Starting with the Confederation Congress in 1781 and lasting until the demise of the Continental Congress, some form of the true copy arrangement was retained in certain states (such as Maryland, where credentials to Congress are found signed by officials of its legislature). However, examination of the original documents in the National Archives indicates that other states now proceeded differently. They had original credentials prepared with their state seals and sent these documents to their governor’s office for execution. In some places, they might be signed either by the state governor or a clerk in the governor’s absence (South Carolina is an example of this). In still other states, they appear to have been signed principally if not solely by the governors themselves (Pennsylvania and Massachusetts had this practice. Some of their credentials in the National Archives were signed by Benjamin Franklin and John Hancock in their capacity as governors). Upon taking their seats, these credentials, however prepared and signed, were presented by members of Congress to Thomson. They are also in the National Archives. Did any of the delegates hold onto their original credentials rather than leave them with Thomson??The National Archives has no knowledge of any other holdings of such documents, and indeed very few delegates seem to have done so, as we can discover just three. Interestingly, the documents handed over to Thomson often take the form of appointments to a state position, but are actually credentials to Congress, as their presentation to Thomson and subsequent retention in the National Archives papers proves.
In March 1789, the members of the First Congress presented their credentials to the Clerks of the House and Senate, respectively. Those for the Senate were retained for record purposes and survive in its archives. However, in the House, Beckley did not feel that the papers themselves had significance and destroyed the House credentials after receipt and entry. The earliest credentials on file for House members date from 1805, a full 16 years after the First Congress convened.
On November 20, 1788, the Massachusetts legislature approved a bill specifying the manner for electing its allotment of eight Representatives to the U.S. Congress. This legislation was forwarded to Governor John Hancock, and he approved it. The election soon followed and eight men were selected to represent the Commonwealth in the first House of Representatives. Until 1820, what is now the State of Maine belonged to Massachusetts and was called the District of Maine. It was allotted one of the eight representatives. George Thacher won the election in that district and became one of the first Representatives. In January 1789, he received his credential signed by Governor Hancock, who thus continued his past pratice of signing such credentials, carried over from the Confederation Congress years.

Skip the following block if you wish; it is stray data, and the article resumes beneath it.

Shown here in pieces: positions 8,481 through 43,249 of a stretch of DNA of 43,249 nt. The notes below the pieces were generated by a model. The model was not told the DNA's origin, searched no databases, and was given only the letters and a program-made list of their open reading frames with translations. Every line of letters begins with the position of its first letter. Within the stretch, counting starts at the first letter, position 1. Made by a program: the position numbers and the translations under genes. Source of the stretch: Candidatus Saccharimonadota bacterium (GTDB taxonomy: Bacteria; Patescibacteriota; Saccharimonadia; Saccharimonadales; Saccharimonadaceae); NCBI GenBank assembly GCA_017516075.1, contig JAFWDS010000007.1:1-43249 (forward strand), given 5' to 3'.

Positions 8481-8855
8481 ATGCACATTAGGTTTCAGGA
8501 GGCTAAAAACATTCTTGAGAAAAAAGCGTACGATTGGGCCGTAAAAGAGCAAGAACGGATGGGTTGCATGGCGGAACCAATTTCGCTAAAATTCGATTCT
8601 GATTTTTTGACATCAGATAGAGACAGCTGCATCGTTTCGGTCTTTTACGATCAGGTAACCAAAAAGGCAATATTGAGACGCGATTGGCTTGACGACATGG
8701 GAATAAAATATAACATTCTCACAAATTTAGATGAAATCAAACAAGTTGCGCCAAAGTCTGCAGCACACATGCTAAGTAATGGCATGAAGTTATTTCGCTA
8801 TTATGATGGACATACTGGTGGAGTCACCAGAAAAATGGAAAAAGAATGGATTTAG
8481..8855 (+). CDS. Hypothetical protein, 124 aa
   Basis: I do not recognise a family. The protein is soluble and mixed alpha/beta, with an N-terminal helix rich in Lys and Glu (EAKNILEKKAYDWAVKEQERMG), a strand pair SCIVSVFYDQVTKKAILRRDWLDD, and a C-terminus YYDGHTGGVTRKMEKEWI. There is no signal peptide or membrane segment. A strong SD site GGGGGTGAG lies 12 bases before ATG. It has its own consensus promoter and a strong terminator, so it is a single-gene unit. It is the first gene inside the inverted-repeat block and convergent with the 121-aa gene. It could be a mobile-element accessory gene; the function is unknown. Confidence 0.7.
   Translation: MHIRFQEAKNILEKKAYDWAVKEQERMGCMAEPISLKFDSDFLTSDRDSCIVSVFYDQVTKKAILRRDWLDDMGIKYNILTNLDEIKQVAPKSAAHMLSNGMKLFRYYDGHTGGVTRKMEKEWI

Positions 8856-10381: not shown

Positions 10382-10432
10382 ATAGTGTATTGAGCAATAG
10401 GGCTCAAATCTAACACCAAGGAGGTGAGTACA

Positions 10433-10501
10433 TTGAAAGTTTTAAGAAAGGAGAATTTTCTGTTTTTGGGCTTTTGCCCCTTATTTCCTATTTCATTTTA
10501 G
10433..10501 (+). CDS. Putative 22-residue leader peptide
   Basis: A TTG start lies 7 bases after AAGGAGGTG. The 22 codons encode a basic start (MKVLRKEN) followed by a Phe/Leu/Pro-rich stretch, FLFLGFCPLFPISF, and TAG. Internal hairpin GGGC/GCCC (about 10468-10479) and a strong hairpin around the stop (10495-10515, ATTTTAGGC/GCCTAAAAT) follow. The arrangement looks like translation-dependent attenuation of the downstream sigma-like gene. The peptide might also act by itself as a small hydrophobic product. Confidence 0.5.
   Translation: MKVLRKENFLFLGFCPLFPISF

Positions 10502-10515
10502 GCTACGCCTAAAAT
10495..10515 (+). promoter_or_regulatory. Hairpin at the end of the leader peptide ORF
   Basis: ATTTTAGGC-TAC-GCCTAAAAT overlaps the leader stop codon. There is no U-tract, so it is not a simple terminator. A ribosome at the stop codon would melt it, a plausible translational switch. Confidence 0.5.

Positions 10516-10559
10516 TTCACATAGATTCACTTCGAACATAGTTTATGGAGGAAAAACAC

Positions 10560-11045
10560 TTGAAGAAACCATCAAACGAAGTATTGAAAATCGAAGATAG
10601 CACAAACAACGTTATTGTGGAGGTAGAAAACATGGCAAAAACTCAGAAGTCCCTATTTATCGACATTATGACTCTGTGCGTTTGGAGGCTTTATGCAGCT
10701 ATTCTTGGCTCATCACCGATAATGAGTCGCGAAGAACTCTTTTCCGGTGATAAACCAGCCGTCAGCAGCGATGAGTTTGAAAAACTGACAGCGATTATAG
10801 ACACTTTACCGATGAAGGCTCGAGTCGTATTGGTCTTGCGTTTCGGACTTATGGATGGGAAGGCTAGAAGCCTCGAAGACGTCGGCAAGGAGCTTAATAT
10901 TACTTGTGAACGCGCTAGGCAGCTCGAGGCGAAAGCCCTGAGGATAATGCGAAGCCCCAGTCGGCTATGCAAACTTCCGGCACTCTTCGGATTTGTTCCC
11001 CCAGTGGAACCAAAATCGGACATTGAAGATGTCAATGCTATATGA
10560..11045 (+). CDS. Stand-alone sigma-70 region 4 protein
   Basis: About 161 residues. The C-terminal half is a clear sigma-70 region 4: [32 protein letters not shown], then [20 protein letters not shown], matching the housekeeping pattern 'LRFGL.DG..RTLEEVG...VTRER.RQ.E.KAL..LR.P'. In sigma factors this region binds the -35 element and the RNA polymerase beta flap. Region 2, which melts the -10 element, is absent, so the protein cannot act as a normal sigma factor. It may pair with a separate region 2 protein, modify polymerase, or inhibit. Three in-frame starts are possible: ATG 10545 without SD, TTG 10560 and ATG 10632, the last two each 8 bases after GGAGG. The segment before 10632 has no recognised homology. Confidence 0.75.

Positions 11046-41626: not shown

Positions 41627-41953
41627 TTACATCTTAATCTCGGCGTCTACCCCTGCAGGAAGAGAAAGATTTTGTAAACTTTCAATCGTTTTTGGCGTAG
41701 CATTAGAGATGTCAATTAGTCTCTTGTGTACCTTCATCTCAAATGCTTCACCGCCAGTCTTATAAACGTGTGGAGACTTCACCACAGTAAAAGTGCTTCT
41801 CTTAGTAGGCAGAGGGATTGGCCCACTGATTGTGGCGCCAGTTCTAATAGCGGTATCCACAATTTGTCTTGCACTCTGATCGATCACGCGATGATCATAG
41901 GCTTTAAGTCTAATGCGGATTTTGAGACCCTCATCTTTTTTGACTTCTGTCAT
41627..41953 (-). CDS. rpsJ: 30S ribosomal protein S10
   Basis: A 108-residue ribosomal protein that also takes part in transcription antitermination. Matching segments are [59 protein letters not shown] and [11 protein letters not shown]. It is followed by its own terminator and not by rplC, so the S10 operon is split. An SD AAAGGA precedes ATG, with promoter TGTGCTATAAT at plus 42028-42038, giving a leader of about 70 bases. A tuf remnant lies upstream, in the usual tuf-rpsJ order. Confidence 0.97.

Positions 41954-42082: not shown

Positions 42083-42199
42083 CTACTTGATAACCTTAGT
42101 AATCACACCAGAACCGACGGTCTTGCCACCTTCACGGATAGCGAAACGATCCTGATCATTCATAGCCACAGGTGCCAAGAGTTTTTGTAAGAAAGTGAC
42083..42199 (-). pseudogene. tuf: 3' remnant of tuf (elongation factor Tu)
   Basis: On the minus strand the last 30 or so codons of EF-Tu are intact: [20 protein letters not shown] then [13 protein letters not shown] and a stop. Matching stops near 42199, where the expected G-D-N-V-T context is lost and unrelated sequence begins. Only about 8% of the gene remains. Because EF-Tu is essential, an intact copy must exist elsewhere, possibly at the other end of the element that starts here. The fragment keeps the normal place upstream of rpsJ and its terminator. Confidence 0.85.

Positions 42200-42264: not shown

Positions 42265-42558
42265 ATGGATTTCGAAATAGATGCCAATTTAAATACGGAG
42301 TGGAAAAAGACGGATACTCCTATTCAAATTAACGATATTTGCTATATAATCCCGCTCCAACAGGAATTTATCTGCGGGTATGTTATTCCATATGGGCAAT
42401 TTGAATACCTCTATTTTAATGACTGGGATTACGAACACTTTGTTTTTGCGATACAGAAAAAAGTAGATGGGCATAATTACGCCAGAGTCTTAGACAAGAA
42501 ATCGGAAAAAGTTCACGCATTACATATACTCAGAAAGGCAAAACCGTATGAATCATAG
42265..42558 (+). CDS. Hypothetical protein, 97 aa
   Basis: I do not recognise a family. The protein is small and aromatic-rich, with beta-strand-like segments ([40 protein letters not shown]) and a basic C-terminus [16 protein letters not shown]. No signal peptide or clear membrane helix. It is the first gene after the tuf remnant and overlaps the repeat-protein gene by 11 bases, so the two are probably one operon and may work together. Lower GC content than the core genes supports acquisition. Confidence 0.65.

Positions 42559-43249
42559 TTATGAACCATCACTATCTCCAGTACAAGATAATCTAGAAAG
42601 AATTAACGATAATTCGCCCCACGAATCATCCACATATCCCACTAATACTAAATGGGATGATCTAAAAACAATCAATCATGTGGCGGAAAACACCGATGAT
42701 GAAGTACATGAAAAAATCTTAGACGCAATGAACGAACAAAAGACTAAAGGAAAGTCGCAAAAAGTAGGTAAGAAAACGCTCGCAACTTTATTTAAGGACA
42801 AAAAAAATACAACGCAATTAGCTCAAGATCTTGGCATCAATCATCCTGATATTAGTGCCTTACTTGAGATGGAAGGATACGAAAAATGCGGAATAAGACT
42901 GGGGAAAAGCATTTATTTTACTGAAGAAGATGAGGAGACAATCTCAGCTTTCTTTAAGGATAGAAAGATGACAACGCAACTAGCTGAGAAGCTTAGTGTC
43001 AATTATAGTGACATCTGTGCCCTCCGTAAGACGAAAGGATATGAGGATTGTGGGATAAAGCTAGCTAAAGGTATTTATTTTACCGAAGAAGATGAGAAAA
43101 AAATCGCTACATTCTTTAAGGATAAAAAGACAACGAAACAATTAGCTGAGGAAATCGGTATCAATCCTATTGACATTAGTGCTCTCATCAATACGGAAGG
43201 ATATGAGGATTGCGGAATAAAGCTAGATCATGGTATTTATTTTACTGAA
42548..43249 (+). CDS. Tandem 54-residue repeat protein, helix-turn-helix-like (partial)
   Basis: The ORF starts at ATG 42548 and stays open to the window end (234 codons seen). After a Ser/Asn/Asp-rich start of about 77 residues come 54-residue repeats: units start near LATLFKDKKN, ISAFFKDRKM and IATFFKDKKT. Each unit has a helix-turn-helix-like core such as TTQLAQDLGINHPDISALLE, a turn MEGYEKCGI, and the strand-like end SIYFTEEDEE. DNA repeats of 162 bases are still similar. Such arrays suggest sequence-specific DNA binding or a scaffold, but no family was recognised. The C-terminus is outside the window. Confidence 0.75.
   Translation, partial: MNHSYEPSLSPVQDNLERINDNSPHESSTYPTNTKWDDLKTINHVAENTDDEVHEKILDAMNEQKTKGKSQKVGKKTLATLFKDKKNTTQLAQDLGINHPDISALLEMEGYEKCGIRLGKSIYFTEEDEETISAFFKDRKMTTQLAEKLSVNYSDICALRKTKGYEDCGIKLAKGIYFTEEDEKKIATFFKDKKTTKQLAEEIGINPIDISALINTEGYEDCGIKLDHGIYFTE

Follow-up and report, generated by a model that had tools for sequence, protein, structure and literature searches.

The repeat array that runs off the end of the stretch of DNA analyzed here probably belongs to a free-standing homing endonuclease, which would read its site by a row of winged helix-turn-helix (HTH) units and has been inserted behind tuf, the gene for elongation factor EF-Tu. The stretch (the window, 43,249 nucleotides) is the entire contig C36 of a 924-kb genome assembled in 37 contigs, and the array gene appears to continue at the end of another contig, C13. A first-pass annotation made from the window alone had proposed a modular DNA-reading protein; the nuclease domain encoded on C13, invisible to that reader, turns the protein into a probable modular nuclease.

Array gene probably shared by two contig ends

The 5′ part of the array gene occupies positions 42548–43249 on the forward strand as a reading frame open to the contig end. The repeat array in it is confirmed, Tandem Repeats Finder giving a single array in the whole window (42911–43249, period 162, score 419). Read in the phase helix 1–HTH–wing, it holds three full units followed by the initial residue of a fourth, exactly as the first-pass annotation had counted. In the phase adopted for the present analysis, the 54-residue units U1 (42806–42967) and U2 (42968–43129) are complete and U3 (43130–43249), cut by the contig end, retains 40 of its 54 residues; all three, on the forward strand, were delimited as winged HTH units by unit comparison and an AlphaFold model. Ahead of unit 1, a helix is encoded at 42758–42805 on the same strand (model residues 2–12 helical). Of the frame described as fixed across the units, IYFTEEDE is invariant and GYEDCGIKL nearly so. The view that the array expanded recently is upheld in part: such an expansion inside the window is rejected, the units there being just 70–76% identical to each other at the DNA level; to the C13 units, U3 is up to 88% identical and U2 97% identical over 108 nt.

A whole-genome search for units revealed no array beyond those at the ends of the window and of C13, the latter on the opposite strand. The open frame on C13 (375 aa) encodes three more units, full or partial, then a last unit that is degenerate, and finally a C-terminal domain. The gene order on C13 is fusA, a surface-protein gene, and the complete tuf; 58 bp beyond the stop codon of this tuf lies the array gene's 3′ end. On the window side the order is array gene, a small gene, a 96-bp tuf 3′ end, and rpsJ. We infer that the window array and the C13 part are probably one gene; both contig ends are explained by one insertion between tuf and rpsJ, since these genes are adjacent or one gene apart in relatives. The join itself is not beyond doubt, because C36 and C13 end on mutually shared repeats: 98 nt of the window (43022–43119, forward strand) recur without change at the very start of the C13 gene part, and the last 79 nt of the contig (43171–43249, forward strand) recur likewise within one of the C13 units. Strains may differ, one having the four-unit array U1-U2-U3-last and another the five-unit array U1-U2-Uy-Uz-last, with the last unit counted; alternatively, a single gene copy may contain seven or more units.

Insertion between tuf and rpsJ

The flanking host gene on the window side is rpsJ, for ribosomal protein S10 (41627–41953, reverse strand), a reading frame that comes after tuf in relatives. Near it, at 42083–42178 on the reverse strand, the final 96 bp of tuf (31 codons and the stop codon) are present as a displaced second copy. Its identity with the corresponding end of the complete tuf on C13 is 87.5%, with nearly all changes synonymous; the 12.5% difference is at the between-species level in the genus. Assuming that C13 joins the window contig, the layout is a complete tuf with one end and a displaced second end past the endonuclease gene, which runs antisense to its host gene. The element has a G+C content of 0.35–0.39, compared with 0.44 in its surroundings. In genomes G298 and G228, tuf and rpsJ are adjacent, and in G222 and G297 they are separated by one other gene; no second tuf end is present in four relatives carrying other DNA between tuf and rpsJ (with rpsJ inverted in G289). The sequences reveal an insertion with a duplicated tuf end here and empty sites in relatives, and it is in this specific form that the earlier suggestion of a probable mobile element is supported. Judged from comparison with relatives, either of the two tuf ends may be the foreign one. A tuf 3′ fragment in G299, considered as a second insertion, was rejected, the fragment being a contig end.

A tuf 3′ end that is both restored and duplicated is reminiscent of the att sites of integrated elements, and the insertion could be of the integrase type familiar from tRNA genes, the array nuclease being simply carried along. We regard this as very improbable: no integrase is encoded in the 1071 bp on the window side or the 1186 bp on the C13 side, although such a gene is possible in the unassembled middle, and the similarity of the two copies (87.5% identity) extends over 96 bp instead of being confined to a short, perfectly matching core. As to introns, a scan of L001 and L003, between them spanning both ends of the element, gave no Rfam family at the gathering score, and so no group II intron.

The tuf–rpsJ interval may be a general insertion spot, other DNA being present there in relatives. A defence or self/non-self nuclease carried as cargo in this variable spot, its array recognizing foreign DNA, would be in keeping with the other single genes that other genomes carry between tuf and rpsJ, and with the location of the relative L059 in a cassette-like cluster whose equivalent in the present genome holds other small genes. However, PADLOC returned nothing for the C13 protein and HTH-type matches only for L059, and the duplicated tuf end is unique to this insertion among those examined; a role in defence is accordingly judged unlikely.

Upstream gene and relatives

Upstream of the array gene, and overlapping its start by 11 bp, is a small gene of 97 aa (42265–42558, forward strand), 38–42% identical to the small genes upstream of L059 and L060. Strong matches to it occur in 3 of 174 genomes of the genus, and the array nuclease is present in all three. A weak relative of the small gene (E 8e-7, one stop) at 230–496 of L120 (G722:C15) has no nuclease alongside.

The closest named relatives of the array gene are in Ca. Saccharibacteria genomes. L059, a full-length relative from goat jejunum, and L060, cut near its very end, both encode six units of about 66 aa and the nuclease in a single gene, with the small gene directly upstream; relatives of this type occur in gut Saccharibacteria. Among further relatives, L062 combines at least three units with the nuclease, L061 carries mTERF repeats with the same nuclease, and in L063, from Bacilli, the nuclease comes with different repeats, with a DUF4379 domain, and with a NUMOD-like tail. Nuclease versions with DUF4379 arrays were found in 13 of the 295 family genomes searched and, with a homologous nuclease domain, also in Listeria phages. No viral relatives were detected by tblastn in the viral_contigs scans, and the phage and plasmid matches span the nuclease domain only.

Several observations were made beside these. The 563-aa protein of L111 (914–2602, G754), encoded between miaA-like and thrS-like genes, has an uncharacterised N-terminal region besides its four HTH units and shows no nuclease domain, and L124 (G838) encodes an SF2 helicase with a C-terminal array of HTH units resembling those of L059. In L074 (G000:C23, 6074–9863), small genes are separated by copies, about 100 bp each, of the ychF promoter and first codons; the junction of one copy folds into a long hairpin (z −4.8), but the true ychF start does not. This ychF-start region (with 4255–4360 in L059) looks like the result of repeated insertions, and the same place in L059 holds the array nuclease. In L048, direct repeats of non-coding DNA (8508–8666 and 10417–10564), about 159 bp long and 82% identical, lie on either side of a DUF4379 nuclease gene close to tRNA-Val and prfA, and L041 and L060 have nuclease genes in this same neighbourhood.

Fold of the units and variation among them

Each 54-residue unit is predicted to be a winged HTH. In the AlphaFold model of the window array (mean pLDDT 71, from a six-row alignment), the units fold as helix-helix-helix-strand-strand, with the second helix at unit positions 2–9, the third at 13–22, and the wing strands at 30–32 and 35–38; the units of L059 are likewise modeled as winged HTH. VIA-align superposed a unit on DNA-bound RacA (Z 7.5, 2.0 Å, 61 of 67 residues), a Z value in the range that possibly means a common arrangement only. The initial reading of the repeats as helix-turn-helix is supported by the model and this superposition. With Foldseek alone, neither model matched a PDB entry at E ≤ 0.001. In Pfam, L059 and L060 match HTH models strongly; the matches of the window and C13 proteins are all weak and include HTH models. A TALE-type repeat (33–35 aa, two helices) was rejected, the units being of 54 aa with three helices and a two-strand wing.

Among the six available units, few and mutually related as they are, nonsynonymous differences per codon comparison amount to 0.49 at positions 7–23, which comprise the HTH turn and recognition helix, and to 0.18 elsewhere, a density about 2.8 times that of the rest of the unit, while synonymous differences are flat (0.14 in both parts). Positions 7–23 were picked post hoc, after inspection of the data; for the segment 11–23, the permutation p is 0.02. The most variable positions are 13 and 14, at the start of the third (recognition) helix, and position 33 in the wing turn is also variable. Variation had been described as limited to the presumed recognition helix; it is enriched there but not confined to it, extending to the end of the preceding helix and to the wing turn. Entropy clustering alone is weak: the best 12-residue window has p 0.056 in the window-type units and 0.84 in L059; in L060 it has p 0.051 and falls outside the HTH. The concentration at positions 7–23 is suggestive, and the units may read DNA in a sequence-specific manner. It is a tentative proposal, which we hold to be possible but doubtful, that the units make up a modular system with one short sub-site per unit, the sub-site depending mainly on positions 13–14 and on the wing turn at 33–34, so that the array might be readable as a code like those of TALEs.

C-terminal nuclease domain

Document Signed, Boston, January 6, 1789, reciting that the district election returns had been examined “respecting the choice of a representative to represent the people thereof in the Congress of the United States,” and continuing “I hereby certify the said Hon. George Thacher, Esq. to be a representative of this Commonwealth to represent the people thereof in the Congress of the United States.”?Thacher would have presented this very document to Beckley in March, when the first Congress under the U.S. Constitution met. However, he apparently asked for the original back to retain as a keepsake, rather than leaving it with Beckley, as it escaped the destructive fate of the others. A noted historian of the First Federal Congress Project states to us that his organization has never, until now, seen or heard of any surviving credential for the House from the First Congress (or indeed the first numbers of Congresses) in any institution or collection, and assumed there were none. Nor did our search of records back to 1968 turn up any. This, then, is apparently the sole surviving credential for the first House of Representatives.
The Raab Collection would like to express its gratitude to the National Archives’ Continental Congress Papers, and the First Federal Congress Project at George Washington University, for their invaluable assistance in research, expert direction to primary resources, and generous willingness to share their experience and information.